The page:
Clarifying temporary employment

Keeping the identity of the employer clear when working with staff agencies can help when employment comes to an end

Clarifying temporary employment

Do you know how long you’ve worked for your employer? If you started as a temp worker recruited by an agency, it may not be as long as you think.

When employees are dismissed by their employers, they’re legally entitled to an amount of reasonable notice of termination or to be paid the equivalent of their earnings during that notice period. It’s been well-established that the length of notice entitlement is determined by factors such as the employee’s age, length of service, the character of the employment, and the availability of similar employment in the job market.

For federally regulated employers, the length of service is also a factor in determining whether an employee has the right to make an unjust dismissal complaint under the Canada Labour Code – which is notable since federally regulated employers otherwise cannot dismiss employees without cause under the code.

A worker for the Bank of Canada found out about the technicalities of determining length of service. The worker was initially hired by a human resources recruitment and staffing company that had an agreement with the Bank of Canada to provide temporary workers to fill specified roles.

The staffing company placed the worker in a position at the bank, where she worked for 10 months – during which time the staffing company paid her salary and collected its fees from the bank. After 10 months, the worker successfully applied for a full-time position with the bank and resigned from her role with the staffing company, though her placement with the bank through the staffing company had another two months to run. Her new position performed essentially the same duties with the same team.

However, eight months later, the bank terminated the worker’s employment after she had problems with a new manager. The worker filed an unjust dismissal complaint under the code, but the bank challenged her ability to do so. The bank argued that though the worker had been with the bank performing the same work for 18 months, she had only been an employee of the bank for the last eight months – meaning she didn’t meet the code’s minimum requirement of 12 months of service to make an unjust dismissal complaint. The worker countered that the bank benefited from her work from the beginning but tried to take no responsibilities of an employer.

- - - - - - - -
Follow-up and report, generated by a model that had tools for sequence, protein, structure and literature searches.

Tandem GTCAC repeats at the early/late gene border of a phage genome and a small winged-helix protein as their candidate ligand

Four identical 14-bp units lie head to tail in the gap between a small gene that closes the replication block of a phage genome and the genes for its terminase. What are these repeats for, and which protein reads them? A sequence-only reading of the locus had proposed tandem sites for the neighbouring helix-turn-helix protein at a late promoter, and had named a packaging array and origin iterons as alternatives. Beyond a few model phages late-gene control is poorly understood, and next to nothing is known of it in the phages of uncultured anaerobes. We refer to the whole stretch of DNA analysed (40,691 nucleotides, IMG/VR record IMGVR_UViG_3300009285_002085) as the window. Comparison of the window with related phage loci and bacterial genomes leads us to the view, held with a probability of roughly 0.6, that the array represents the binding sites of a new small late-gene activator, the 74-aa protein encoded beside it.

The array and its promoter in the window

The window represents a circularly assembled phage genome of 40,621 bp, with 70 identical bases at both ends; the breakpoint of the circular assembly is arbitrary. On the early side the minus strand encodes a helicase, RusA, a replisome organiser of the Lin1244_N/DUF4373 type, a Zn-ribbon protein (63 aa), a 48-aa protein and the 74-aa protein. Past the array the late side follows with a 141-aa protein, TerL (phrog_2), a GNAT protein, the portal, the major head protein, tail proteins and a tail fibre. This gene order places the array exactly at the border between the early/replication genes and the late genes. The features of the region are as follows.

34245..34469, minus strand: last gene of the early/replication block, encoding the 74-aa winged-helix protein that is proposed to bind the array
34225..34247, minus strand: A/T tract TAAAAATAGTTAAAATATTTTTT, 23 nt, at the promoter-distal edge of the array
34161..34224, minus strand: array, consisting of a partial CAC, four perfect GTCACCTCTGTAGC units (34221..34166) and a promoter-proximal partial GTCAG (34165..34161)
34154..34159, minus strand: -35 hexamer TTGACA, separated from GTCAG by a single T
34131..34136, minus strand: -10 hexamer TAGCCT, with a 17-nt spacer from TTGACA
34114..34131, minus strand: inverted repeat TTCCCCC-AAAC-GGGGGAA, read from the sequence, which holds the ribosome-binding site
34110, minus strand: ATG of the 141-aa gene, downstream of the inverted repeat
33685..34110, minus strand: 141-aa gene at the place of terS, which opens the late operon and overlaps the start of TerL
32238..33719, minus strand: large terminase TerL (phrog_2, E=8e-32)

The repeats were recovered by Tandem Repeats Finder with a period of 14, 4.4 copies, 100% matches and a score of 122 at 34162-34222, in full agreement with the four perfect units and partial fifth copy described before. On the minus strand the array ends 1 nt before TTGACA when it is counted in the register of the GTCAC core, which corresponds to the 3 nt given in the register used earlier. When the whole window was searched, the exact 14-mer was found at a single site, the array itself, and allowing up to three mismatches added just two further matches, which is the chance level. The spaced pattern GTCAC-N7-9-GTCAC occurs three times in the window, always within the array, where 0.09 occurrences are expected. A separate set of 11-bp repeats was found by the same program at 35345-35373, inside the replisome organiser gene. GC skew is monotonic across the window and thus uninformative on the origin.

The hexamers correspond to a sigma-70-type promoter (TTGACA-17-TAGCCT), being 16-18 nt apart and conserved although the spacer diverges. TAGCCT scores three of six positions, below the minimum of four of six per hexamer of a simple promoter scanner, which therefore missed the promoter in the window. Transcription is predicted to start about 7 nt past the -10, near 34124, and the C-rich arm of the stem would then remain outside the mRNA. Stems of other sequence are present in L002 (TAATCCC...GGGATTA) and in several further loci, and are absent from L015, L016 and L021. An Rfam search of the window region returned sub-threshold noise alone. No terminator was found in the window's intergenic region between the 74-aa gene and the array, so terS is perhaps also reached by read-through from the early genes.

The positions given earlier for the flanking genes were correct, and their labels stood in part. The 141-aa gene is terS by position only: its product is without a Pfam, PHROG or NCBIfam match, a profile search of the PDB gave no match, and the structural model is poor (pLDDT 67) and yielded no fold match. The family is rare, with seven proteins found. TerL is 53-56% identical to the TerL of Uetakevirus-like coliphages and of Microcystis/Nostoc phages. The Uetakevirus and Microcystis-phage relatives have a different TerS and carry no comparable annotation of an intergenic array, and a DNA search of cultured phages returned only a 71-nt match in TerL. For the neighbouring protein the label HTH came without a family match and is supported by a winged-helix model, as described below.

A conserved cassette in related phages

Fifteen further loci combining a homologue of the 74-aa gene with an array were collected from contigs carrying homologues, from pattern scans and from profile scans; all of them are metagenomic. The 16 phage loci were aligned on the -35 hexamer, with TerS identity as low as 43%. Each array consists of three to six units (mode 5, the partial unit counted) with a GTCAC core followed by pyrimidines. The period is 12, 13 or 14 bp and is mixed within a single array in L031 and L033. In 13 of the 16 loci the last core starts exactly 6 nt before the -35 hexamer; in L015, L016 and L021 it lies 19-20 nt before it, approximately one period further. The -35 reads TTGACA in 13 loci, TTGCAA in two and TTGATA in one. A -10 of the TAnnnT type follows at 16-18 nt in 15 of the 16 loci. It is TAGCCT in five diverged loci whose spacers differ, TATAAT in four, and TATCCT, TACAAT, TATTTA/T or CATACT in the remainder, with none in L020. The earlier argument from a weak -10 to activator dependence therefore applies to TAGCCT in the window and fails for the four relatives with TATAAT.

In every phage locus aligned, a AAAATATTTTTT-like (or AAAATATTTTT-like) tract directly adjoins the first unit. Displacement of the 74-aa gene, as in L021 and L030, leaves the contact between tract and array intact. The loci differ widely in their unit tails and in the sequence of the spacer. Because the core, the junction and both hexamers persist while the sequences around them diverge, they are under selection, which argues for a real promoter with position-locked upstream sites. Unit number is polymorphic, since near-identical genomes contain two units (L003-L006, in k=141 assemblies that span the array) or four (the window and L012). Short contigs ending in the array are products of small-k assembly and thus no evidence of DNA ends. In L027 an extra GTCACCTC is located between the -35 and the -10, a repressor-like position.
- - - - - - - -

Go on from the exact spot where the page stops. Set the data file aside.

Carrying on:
The adjudicator agreed with the Bank of Canada’s position, noting that “tripartite” agreements between staffing agencies and companies were common in the modern business world where the agencies employed people to perform work for the companies. There was no reason to believe such an arrangement was entered into simply to avoid the code’s unjust dismissal requirement, said the adjudicator.

The adjudicator also noted that such an arrangement can be abused or used to inappropriately mask situations where the client is the true employer, but such circumstances would have to be determined through examination of the “attributes of employment.” That wasn’t the case here, as it was clear the worker was an employee of the staffing agency from the beginning – she applied to the agency and was paid by it – and she clearly resigned from her employment with the agency when she successfully applied for the permanent position with the bank. In addition, the existing agreement between the agency and the bank was meant for just such circumstances, said the adjudicator.

Things can be a bit more complicated when a worker joins a company from a temp agency, but when agreements are clear from the beginning, it’s easier to figure out who the true employer is. Many employers use staffing agencies for temp workers, so it important to make sure it’s clear who is the employer and what work is to be performed – and who’s doing the termination when the time comes.

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